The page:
5 Struggles Every Couple Faces When One Partner Gets Sick

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dealing with chronic illness

And how to overcome them —​ together.

It’s great to be part of a couple when you are well and having fun together.

But what about when one of you gets ill or is challenged physically, like being pregnant or injured? How do you manage to take care of yourself, your partner, and still support each other?

That's where the rubber meets the road.

Statistics from a recent study at the University of Michigan show that over 30% of married couples get divorced when one of them, especially the woman, has a serious illness. Yes, we marry and commit “in sickness and in health.” However, it’s not enough to just say the words.

You must take action as a team when "sickness" hits, even if one of you is partly disabled or compromised in some way. 

My wife, Phyllis, recently had emergency surgery and ended up in the hospital and rehab for several months.

Suddenly all the household tasks, taking care of our dog, and coordinating repairs that she had taken on routinely fell to me. Phyllis was physically and emotionally drained and needed a lot of support.  

Whether you are a committed partner or a parent, there is nothing quite as difficult as seeing your loved one in pain.

I felt so bad about the pain and disruption Phyllis was feeling. I so wanted to help her feel better, but there was little I could do. Likewise, I was feeling sorry for myself about all I needed to do.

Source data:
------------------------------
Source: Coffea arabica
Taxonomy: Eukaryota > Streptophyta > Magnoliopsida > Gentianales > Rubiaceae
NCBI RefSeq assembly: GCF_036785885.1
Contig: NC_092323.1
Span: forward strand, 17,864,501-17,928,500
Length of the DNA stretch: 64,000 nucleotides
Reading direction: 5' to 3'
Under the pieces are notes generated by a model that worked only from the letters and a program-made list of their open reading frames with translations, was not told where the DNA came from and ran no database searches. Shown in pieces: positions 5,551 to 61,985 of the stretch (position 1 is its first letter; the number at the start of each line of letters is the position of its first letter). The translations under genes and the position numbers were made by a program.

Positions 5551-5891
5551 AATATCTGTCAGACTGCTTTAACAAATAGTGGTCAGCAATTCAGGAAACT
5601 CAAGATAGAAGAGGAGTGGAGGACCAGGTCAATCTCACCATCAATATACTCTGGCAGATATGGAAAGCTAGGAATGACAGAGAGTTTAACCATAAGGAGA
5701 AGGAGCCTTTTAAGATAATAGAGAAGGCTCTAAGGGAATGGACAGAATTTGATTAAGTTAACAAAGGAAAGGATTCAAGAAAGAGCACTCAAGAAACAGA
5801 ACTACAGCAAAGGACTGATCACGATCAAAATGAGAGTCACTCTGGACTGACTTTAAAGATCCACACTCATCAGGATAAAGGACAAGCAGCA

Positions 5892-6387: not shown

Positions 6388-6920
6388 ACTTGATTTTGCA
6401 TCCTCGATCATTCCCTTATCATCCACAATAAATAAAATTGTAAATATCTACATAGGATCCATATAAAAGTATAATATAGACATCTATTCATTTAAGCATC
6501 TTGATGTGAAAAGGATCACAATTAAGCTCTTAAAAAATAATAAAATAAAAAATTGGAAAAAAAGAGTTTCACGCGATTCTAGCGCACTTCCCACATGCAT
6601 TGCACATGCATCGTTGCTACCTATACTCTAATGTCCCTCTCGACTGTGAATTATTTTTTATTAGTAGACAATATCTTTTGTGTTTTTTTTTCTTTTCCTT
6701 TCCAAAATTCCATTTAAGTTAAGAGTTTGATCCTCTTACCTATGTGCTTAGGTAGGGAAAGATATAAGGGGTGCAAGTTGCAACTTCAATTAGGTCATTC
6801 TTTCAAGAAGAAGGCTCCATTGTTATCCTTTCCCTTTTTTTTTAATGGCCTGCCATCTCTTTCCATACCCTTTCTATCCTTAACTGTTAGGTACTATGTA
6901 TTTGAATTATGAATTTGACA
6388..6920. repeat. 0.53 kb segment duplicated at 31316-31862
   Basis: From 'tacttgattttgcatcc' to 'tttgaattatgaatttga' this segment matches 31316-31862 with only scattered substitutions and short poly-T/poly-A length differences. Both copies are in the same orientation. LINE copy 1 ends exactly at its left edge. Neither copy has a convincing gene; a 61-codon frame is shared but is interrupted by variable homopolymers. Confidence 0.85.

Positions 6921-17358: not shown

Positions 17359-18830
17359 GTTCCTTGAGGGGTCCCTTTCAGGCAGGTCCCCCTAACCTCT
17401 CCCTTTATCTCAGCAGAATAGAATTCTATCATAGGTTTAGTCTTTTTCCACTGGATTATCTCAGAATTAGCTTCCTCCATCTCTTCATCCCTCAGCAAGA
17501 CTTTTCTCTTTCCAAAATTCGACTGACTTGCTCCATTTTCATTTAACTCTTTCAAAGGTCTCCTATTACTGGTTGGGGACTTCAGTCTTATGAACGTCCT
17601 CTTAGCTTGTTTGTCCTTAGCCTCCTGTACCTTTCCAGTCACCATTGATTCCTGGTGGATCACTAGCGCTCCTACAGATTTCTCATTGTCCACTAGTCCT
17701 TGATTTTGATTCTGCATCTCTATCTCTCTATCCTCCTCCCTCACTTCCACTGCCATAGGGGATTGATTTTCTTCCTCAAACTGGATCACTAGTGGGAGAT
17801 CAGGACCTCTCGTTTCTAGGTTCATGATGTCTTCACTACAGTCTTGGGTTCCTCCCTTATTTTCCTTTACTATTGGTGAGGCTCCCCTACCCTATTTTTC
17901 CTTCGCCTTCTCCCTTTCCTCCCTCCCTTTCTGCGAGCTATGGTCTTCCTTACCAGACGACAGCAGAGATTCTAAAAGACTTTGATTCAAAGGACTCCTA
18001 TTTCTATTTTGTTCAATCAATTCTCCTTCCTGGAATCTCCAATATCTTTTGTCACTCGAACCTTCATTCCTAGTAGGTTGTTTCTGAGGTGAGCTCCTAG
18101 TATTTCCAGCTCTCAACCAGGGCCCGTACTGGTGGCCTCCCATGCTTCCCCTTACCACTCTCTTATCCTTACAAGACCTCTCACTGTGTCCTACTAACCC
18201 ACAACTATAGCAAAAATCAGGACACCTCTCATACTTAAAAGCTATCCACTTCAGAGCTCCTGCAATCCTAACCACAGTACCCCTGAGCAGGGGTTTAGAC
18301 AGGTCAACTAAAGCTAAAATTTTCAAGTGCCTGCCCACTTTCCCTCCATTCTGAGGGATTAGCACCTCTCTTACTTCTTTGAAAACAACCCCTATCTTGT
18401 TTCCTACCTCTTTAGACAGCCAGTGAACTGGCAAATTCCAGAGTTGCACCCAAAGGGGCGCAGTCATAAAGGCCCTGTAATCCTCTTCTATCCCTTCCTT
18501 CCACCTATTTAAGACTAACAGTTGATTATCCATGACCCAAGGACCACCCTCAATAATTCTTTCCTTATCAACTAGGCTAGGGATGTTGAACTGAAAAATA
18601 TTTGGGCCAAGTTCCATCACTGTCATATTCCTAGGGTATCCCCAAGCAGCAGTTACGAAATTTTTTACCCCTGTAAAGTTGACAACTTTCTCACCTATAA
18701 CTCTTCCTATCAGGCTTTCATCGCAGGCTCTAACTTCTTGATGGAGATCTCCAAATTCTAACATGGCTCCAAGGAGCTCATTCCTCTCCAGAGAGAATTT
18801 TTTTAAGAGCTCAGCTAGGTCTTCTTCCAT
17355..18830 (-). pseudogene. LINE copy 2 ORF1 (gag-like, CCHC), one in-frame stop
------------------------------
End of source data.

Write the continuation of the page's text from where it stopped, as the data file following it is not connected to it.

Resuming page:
I knew how to do everything but did not know how I was going to handle it all. No matter how I felt, though, I still felt guilty that it was worse for her.

It was easy to get in my own head about this and feel overwhelmed. But really, being overwhelmed didn’t help; it just kept me from being in action.

So I just decided to show up to be with her as much as possible, create some fun activities (we rediscovered Gin Rummy), and find occasions to laugh. We watched movies and Facetimed with our kids and grandkids.

What became clear was that we both needed more rest  for her to heal and for me to recharge.

We spent some time coordinating our schedule for each day, working out when I would visit, go to work, do laundry and be available to talk. We were both exhausted most of the time, but celebrated each milestone in the recovery and planned for our future.

We brainstormed how to make the experience in rehab more interesting (keeping track of funny things people said, writing a short play about life in rehab, etc.)

Finally, we thought about how our experience might help others, hence, writing this!

In the end, all I wanted to do was to be helpful so we could look back on this experience and see what we learned, and how we actually grew as a partnership.

Some couples say that they are at their best when they are confronting emergencies or threats to their health and well-being.

That has been my goal.


Along the way, I found five challenges that our relationship faced —  and most couples in the same situation will have to deal with  in dealing with a severe illness. Hopefully it helps other families, too.

1. The loneliness and asking "why"?

The partner who is ill might feel stressed and lonely, especially if you are hospitalized. You might keep asking yourself, “Why me? Why now?” You may feel like “this shouldn’t be.” But asking these questions won’t help.